Rapid City sits on the eastern edge of the Black Hills  and is the only urban area in the region. While it has the second-largest population in the state after Sioux Falls, Rapid is still a relatively small Midwestern community of about 70,000 souls.
The city’s history, like many of the Black Hills communities, dates back to the late 1800s and the discovery of gold by Custer’s expedition in 1874. The original businesses were established to service the mining camps. The community was named after Rapid Creek, which flows through the center of town.
Easily accessible from both the south and east, Rapid also developed as the hub of railroad activity in the hills. As a result, it became a commercial center, not just for mining, but also for the ranching and timber industries that followed. The carving of Mount Rushmore  firmly established Rapid City as the center of tourism for the Black Hills and the construction of Ellsworth Air Force Base quickly increased the city’s population and solidified Rapid City as the urban heart of the hills.
In more recent history, a natural disaster contributed to the landscape of Rapid City as it looks today. In June 1972, Rapid City and most of the eastern Black Hills experienced record rainfall. Rapid Creek rose 13 feet in five hours and sent a wall of water crashing through town. It was a frightening flood, made more so by its unexpected arrival in the middle of night. Tragically, 238 people lost their lives in the flood. Some 1,265 families lost their homes and another 3,000 homes were damaged. Thirty-six businesses were destroyed, as were 5,000 vehicles.
The cost of damage to homes and businesses was estimated to be over $165 million dollars throughout the Black Hills. As devastating as it was, the flood resulted in some positive change for Rapid City. Research into the flood determined that it was likely that a flood of this magnitude could happen again. To prevent future loss of life and property damage, the city decided that rebuilding along Rapid Creek would not be allowed. Today the Rapid Creek floodplain is lined with a series of city parks connected by a walking and biking path that parallels the creek all the way through town. It’s one of the community’s nicest outdoor assets.
Rapid City is a fairly easy city to navigate, with four major traffic arteries. Highway 44 runs east–west and connects the Rapid City Regional Airport to the downtown and western sections of the city. Highway 79 south on the east side of town is a four-lane highway that makes travel between the Southern and Central Hills  fast and easy. The highway runs along the front range of the hills and as such doesn’t involve the winding twisted roads you find within the hills themselves.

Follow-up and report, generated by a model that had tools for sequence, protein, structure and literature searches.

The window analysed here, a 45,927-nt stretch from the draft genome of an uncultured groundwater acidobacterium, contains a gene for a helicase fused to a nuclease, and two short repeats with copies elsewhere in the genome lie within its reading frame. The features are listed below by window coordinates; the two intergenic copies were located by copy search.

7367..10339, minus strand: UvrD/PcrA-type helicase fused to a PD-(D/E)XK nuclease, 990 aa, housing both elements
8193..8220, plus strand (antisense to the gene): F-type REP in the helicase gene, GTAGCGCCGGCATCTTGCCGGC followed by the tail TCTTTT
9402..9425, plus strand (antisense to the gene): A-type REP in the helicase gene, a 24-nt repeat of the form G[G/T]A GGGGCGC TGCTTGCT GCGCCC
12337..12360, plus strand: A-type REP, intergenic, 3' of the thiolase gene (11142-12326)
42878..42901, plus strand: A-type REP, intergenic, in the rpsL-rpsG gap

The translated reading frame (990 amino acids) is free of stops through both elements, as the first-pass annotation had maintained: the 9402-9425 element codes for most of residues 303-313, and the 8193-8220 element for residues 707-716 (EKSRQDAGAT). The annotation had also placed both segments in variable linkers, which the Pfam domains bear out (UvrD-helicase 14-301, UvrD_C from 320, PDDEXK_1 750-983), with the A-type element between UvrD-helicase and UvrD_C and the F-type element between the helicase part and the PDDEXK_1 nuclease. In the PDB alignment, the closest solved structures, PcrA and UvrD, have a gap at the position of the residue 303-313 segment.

Highway 79 north cuts through the heart of town and then heads north to Sturgis. I-90 runs right along the northern fringe of the city and is the primary route used by road trippers heading to the Black Hills  from the east and from the northwest. Highway 16, otherwise known as Mount Rushmore Road, runs south from the downtown area and is the main artery that brings visitors from Rapid City to many of the region’s best roadside attractions and to Mount Rushmore .
Lodging in and around Rapid City  is concentrated in four separate areas of town. Most lodging options, not surprisingly, are along U.S. 16 (Mount Rushmore Rd.) because of its quick and direct access to Mount Rushmore and other area attractions. The historic district downtown has some nice choices as well. It’s fairly small, easily traversed on foot, and is dotted with galleries, restaurants, and unique shops. The western side of the city, near the Canyon Lake area, provides a more scenic, if slower access route into the Black Hills.
The winding roads west of Canyon Lake lead to Pactola Reservoir, to many hiking and biking trails , and to other outdoor recreation activities. There are more camping and cabin-type lodging options  on this end of town. For road travelers arriving in Rapid City via I-90 from either the east or west, hotels are plentiful around Exit 59. This location provides easy access to the Northern Hills  for travelers headed west and to the Badlands (and Wall) for those headed east. Exit 57 is the easiest exit off of I-90 to head south to the downtown district and to Mount Rushmore Road. There aren’t many lodging choices available near the airport or on the eastern side of the city, but Highway 44 from the airport will bring travelers right downtown.
To get a feel for the city, its layout, and the location of many important sites, consider taking the one-hour narrated tour provided by City View Trolley Tours (333 Sixth St., 605/394-6631, Memorial Day–mid-Oct. daily 9:30 a.m.–5:30 p.m., tickets $2). The trolley can be picked up at any one of several stops along the route, including many of the local hotel locations. The trolley circulates at approximately 35-minute intervals.
The Rapid City Regional Airport (www.flyrapidcity.com ) is located about 11 miles from downtown, off of Highway 44 headed east. Call 605/393-9924 for airport information, 605/393-2850 for flight information. Shuttle service between the airport and downtown is provided by Airport Shuttle Service (605/399-9999 or 800/357-9998, $18 per person).
The Black Hills are a driving destination. Car rental companies at the airport include Alamo/National (605/393-2664), Hertz (605/393-0160), Avis (605/393-0740), Budget (605/393-0488), and Enterprise (605/393-4311).
The Rapid City Transit System (300 Sixth St., 605/394-6631, www.rapidride.com , adult and student $1.50, senior $0.75, child under 4 free) has five major routes that carry passengers within the city limits. It’s a great transportation deal if you want to spend a morning downtown or near the I-90 shopping district. Buses run Monday–Friday 6:30 a.m.–6:30 p.m. and Saturday 9:30 a.m.–4:30 p.m.